Activists Say Cops Stalk Them on Revolt Anniversary

Headache Stencil projects the images of 1932 revolt co-leader Pridi Banomyong on the wall of the Grand Palace on June 24, 2020. Image: Headache Stencil / Facebook.

BANGKOK — Several anti-government activists said Thursday they were followed by what they believed to be plainclothes officers for their activities on the anniversary of the June 24, 1932, democratic revolt.

Anonymous street artist who goes by the name of “Headache Stencil” said in a phone interview that four men were seen loitering close to his condominium building for about two hours on Wednesday night. Another student activist also reported being followed by an unmarked vehicle.

“I was afraid. I arrived past midnight. Something is off and not normal,” Headache Stencil recalled on the phone.


The artist said he tried to drive away from the condominium on Sukhumvit Road but the four men gave pursuit. Headache Stencil said he managed to lose them and spent a night at his friend’s house.

A condominium security guard later told him the four men introduced themselves as police officers but did not present any ID card, said the street artist, who has drawn ire from the authorities in the past for his political work.

The incident came just hours after Headache Stencil projected the images of 1932 revolt co-leader Pridi Banomyong on the wall of the Grand Palace. The images also show the revolutionaries’ proclamation that announced the end of absolute monarchy.

Police spokesman Col. Kissana Phathanacharoen said on the phone Thursday that he has no knowledge of security officers harassing the activists. He urged those feeling threatened to take photos of the stalkers and file a complaint.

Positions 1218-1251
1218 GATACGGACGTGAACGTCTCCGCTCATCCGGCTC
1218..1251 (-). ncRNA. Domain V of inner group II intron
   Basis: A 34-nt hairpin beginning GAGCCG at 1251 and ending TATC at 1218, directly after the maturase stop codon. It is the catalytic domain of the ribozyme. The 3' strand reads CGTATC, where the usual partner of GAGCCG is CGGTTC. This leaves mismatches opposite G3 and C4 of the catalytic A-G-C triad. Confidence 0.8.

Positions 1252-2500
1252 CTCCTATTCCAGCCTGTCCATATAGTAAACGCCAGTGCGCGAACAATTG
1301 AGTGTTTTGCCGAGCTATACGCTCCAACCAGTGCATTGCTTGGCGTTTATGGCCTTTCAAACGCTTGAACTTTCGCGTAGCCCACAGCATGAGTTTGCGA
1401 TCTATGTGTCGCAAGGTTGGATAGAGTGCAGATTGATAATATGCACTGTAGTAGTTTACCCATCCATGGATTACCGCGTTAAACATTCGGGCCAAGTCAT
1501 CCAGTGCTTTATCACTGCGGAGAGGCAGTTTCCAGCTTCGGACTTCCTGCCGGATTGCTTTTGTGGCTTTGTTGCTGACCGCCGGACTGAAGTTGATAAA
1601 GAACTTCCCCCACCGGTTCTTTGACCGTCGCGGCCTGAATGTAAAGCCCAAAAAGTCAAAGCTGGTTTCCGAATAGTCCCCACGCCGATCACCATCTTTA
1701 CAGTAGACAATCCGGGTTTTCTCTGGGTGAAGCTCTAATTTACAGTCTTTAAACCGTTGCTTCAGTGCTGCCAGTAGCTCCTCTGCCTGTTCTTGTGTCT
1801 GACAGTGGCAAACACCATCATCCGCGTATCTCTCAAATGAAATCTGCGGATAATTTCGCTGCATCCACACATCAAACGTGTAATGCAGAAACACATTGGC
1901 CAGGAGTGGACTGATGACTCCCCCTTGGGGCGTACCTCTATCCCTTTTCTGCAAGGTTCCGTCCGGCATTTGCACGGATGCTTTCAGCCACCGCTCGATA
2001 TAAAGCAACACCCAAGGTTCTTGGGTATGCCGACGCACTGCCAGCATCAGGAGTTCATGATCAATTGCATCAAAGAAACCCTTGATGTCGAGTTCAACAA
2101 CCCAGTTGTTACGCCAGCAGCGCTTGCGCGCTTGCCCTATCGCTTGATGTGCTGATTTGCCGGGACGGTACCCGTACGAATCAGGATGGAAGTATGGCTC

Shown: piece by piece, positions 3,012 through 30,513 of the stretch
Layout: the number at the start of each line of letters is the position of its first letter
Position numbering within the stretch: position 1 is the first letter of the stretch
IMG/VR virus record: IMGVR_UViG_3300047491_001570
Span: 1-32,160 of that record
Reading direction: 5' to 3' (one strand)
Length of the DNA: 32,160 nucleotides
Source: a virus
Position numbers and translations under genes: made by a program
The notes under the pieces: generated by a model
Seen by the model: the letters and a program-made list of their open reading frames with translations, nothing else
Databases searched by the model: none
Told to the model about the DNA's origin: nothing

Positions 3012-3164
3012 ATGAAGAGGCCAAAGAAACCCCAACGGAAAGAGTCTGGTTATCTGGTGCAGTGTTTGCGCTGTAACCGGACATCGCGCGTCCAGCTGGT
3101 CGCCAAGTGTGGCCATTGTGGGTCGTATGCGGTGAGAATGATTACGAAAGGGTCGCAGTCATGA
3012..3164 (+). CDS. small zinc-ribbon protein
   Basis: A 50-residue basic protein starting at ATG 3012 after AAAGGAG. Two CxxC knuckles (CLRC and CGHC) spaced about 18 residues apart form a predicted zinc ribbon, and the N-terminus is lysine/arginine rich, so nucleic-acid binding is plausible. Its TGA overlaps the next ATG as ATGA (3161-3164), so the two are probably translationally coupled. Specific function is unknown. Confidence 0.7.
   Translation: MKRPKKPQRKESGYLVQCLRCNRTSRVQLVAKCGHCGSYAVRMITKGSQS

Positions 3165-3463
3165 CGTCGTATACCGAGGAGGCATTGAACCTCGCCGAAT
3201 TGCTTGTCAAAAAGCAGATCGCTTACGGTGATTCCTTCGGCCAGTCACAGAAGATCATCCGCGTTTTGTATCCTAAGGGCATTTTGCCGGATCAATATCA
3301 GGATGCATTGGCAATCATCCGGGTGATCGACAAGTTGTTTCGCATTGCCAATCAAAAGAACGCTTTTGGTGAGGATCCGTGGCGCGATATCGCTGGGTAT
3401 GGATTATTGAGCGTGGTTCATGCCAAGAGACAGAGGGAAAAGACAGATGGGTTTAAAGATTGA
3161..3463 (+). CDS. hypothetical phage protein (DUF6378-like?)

“If they face this kind of danger or feel unsafe, they should file a police complaint.” Kissana said. “We are happy to protect them.”

When asked whether he would file a report to the police, Headache Stencil said he no longer trusted the police, adding that it was the fourth time plainclothes officers followed him.

“Filing a complaint to a goon about other goons? Life today is not so simple,” the artist said. “I have never felt the fear, but now, under the Emergency Decree, they could just do anything. … I think what I should do is to get a U.S. Visa.”

Student activist Parit Chiwarak also said he was followed by a suspicious vehicle after leaving a protest marking the 88th anniversary of the revolution that toppled the King’s direct rule in Thailand, known as Siam at the time.


Commemorating the democratic revolt is now considered a taboo by the authorities. Sizable police forces to guard landmarks associated with the revolution on Wednesday, including the Royal Plaza in Bangkok where the 1932 coup took place.

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Reenactment, Model Plaque Mark 88 Years of Democratic Revolt